Sole trader or limited company: How to choose the right option

Published · 2 min read

More and more people are finding themselves in a position where they want to start their own business. Being made redundant or not being able to find a new job are two reasons why people choose this as an option.

For a lot of people, the rewards of running your own business can far out way the “security” of being in paid employment.

But it isn’t easy. There are many issues to understand and hurdles to overcome with setting up your own business.

As well as getting a grasp of the tax system in Ireland, managing cash flow, and trying to be an expert in IT, HR, marketing and accounting, you will also have the choice at some stage of whether you should operate as a sole trader or a limited company.

In this article, I have outlined the differences between the two to help you to decide which option might be best for your business.

Set-up cost

Sole trader: Free to set up with Revenue Commissioners. If you need to register a business name, you can do this via the Companies Registration Office (CRO) there’s a cost associated with this: €20 if done electronically and €40 if done via a paper application.

Limited company: Your business needs to be set up with the CRO. It costs €50 to set up electronically and €100 to do so via a paper application. Note: for PLC businesses, it costs €300 (by paper only).

Annual returns

Sole trader: Form 11 Return to Revenue (income tax return).

Limited company: CT1 return (Corporation Tax) and B1 to CRO. Form 11 returns for directors too.

Tax rates

Sole trader: Similar to PAYE but you lose your PAYE tax credit.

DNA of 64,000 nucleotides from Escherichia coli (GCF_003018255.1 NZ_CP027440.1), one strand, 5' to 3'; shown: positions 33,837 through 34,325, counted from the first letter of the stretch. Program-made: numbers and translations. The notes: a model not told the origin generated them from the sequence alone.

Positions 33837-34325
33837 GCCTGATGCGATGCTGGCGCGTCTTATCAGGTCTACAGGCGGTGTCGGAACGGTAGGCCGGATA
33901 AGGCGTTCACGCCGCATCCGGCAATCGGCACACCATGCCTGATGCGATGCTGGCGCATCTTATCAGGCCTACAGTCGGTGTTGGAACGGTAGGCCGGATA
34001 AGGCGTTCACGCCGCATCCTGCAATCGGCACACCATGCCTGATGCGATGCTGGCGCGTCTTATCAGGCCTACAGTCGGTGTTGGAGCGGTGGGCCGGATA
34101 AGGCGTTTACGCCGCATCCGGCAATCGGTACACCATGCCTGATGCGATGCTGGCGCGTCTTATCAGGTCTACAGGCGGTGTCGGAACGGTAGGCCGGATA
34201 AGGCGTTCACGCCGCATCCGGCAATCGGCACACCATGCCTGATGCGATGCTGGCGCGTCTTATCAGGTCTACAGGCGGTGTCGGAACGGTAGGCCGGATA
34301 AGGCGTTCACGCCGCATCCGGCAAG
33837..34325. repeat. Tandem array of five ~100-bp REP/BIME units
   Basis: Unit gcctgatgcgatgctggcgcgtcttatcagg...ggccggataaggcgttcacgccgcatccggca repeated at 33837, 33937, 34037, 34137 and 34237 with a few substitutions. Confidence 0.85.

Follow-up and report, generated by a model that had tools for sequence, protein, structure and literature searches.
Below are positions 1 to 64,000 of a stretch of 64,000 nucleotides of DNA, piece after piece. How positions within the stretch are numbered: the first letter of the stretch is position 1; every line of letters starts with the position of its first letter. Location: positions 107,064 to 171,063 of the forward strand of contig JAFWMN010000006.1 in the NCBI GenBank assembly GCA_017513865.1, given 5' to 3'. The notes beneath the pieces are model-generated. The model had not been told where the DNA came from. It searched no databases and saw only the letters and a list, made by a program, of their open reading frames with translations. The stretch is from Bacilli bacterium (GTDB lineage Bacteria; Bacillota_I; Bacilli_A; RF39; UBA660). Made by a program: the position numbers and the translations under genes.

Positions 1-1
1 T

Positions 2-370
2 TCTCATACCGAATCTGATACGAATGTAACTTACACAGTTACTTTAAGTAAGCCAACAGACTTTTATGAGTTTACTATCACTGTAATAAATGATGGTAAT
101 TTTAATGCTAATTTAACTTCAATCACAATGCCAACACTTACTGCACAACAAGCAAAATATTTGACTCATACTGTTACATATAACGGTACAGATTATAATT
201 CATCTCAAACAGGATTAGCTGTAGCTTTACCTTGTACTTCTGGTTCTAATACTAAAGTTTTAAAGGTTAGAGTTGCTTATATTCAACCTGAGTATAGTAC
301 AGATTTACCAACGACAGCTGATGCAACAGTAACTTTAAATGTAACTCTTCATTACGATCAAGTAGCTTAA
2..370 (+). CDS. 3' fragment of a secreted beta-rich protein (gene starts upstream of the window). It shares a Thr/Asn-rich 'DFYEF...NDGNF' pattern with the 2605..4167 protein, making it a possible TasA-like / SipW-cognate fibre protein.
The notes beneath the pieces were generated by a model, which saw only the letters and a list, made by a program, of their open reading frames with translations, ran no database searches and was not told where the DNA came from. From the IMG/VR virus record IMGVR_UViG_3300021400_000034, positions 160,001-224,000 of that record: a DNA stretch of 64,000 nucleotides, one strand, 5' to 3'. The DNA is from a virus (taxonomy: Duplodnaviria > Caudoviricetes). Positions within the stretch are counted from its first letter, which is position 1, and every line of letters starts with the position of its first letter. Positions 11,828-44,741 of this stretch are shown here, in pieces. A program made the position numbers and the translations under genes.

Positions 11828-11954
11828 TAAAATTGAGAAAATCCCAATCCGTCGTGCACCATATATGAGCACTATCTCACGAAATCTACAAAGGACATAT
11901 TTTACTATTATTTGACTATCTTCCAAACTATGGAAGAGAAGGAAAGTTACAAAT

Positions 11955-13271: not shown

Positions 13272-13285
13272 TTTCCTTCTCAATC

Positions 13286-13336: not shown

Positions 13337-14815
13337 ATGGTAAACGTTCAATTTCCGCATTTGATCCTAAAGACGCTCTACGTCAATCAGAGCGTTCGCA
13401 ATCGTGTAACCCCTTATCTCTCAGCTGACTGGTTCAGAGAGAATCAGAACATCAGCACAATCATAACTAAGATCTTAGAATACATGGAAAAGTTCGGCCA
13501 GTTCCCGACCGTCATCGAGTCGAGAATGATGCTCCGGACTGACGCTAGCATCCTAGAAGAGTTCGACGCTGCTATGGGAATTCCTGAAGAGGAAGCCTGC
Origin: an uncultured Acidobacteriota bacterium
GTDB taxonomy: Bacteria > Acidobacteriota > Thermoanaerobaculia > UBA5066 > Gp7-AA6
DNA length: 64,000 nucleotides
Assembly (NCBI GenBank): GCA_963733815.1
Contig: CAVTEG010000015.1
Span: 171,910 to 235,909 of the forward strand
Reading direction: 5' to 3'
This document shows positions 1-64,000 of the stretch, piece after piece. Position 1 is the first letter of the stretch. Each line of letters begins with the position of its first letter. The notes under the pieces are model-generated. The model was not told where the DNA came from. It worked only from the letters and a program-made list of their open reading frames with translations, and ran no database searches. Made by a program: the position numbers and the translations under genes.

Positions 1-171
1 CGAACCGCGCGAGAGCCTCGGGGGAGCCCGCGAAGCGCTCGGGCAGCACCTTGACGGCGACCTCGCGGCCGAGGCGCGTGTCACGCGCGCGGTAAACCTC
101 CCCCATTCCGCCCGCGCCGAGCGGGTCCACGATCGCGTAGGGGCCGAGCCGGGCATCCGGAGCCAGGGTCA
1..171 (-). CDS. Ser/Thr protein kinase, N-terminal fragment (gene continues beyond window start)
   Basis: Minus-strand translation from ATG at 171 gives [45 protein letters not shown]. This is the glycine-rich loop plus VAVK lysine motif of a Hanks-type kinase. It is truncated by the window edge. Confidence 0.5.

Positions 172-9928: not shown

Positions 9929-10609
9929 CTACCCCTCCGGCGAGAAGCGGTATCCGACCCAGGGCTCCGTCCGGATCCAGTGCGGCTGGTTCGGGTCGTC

Limited company: Corporation tax rate 12.5%. Director’s salary at PAYE levels with no PAYE tax credit.

Taxable expenses

Sole trader: All costs must be fully receipted, for example motor costs and travel.

Limited company: Director’s claims for travel, accommodation and subsistence completed through vouched expense claims. This is tax free to the director.

Employer

Sole trader: If it is just yourself then there is no need to register as an employer.

Limited company: Directors are employees so you must register and file P30s and P35s etc.

Liability for debts

Sole trader: Unlimited – your personal assets can be liable.

Limited company: Limited to the company only.

Succession of business

Sole trader: The business ceases with the death of owner.

Limited company: Shares can be passed or sold on so business does not cease.

Cessation

Sole trader: It’s simple to cease a business and free with Revenue.

Limited company: It’s expensive to cease business with CRO.

Disclosure of accounts

Sole trader: The public does not get to see accounts as they are filed with Revenue.

Limited company: Members of the public can access summary accounts if they pay small fee to the CRO.

Access to funds

Sole trader: It can be difficult to access funding.

Limited company: Limited company status can be looked upon favourably by banks.

Final thoughts on setting up as a sole trader or limited company 

The sole trader route is the cheapest route but it may not be the best option for you. Having limited access to funding, for example, might be a key consideration for you.

However, if it’s suitable, you could take the sole trader route initially and then when it makes more sense, you could go down the path of forming a limited company.

Editor’s note: This post was originally published in April 2012 and has been updated for accuracy and relevance.

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